By Rajendra Diwe :
GROWING addiction of inhalants in teenagers has become a cause of concern in the city. Addiction is largely seen in children belonging to poor class, labour class and in children of low-middle income groups. It has come as a new challenge for psychiatrists, counselors and psychotherapists in Nagpur. The problem of inhalant addiction in children of adolescent age is severe in the entire country.
Recently this issue was discussed during Lok Sabha Session and Union Minister of Social Justice and Empowerment in his reply had confirmed, “Over 30 lakh children (between 10 and 17 years) are said to be addicted to inhalants. In short, the addiction of inhalants has become the third cause of addiction after opioid and alcohol in the country.” Noted psychiatrist and founder of Brain museum in city Dr Avinash Joshi said, “Government machinery is focusing on the addiction of alcohol and opiods, but Government and people are less aware about this type of addiction.
There is a term of addictive personality. If 100 persons consume alcohol then only seven out of these persons have addictive personality. But the addiction of inhalants is not even traceable and event parents of the children who are addicted to these inhalants could not make it out easily.” The addiction of inhalants is mostly found in teenage children. Girls are found to be more prone to this addiction. The addiction starts with inhalers available in medical shops. The inhalers are generally used to treat sneezing, closed nose etc. But these inhalers are less effective according to children.
Therefore, the children who could not afford to purchase the inhalers, they purchase inhalants which are volatile substances that emit chemical vapours which on inhaling give a psychoactive effect or a high. “This can be termed as self-treating psychological problem. Here, smell of products like petrol, kerosene, balm, inhaler, nail polish, thinners, whiteners used in typewriting, paints etc. is the addictive. Some ladies apply a particular balm on their forehead to get sound sleep in night, this is a sort of addiction of inhalant. The smell gives them relief, calms their mind and gives pseudo satisfaction. Some children are addicted to cheaply available cycle glue or whitener.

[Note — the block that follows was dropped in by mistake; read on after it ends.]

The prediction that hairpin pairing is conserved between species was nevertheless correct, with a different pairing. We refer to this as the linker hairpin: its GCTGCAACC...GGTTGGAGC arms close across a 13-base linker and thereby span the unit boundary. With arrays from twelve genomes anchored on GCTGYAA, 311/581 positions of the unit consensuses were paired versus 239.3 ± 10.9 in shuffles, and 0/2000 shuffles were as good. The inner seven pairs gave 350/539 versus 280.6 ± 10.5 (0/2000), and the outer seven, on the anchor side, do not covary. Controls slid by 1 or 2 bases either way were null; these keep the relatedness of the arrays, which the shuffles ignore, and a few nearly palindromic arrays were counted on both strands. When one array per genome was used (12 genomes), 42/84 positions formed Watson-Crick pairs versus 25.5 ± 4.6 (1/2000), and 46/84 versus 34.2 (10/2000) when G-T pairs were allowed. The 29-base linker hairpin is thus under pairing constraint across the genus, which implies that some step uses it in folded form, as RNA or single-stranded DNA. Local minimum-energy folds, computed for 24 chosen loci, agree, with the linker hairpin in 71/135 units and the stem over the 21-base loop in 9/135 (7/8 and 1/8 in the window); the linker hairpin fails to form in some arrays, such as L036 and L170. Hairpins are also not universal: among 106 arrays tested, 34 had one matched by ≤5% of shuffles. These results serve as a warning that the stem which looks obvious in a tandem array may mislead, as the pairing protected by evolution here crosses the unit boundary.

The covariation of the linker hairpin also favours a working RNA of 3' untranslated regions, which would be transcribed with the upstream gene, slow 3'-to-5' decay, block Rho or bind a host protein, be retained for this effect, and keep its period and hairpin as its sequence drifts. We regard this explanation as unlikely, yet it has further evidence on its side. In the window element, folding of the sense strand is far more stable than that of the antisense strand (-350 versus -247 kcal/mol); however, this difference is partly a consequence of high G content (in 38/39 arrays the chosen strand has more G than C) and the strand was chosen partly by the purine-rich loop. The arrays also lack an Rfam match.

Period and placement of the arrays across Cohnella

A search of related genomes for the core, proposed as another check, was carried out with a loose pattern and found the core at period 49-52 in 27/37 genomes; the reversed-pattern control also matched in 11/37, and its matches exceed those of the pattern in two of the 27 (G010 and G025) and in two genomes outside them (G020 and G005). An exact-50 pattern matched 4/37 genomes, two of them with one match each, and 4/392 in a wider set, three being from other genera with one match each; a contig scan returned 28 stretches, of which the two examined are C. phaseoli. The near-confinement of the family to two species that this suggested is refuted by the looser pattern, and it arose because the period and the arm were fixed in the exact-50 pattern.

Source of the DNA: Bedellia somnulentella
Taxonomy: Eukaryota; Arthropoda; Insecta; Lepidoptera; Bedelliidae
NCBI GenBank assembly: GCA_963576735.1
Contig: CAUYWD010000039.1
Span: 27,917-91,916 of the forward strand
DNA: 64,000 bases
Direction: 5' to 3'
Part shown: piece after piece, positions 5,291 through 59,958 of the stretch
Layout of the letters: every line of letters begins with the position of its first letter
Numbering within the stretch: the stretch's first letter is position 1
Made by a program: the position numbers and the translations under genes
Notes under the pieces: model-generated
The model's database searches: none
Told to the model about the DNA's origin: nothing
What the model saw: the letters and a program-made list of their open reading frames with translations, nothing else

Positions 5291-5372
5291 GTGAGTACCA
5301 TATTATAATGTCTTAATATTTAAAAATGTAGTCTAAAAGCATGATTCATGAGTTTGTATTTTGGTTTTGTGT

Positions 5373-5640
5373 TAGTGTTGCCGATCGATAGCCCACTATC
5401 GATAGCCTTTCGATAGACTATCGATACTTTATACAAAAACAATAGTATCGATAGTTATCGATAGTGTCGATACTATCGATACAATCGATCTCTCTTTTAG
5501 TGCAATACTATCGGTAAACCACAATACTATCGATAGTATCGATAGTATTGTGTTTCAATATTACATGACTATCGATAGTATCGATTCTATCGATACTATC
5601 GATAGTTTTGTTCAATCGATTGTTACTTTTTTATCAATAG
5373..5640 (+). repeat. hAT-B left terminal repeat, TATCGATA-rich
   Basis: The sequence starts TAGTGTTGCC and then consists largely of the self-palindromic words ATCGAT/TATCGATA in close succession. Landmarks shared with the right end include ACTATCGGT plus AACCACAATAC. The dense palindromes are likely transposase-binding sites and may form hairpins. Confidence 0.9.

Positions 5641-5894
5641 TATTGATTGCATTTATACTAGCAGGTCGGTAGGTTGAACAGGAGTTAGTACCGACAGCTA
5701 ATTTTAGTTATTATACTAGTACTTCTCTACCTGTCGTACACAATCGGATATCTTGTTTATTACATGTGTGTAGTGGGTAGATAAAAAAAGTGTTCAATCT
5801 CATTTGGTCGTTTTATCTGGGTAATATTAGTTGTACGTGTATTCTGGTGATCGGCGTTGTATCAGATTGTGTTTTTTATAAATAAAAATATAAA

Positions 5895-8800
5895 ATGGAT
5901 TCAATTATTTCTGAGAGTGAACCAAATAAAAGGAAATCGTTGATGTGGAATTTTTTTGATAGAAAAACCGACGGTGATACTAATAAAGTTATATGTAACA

They sprinkle these addictive inhalants on their handkerchief and smell. I have also seen children applying Vicks on bread and eating sandwiches.” There are no simple answers for why children get addicted to inhalants. But most addictive inhalants like petrol, eraser liquid and kerosene are making children that much vulnerable. Some NGOs are working with children and conducting awareness camps. At least two cases of inhalant addiction among children from schools per week were observed by the organisations. “Inhalant addiction may be largely seen among children from poorer sections of the society and child labourers but it is also seen among middle-class families.
Adolescent children between the age 15 and 20 are more addicted to inhalants. These children collect or save money to purchase the inhalants. Wood polish like turpentine is a common inhalant purchased by these children to smell. Even the empty tins of paints are used by these children. Though the problem seems huge, timely intervention and collective effort can help in treatment,” stated Dr Abhishek Mamarde, noted psychiatrist. Both medicines and counseling are key to children overcoming inhalant addiction. In addition, engaging children creatively and making sure they don’t have access to inhalants is also important, felt the counselors.
Dr Salim Mujawar, retired psychiatrist from central prison said, “The boys and girls working on petrol pump or in slums are seen addicted to inhalation of petrol. Some children open the petrol tank of two wheelers and smell petrol regularly. It is very difficult to identify and confirm the addiction. People or administration only monitor addiction of alcohol or brown sugar, but the addiction of inhalants is more severe and parents should monitor habits of their adolescent children.”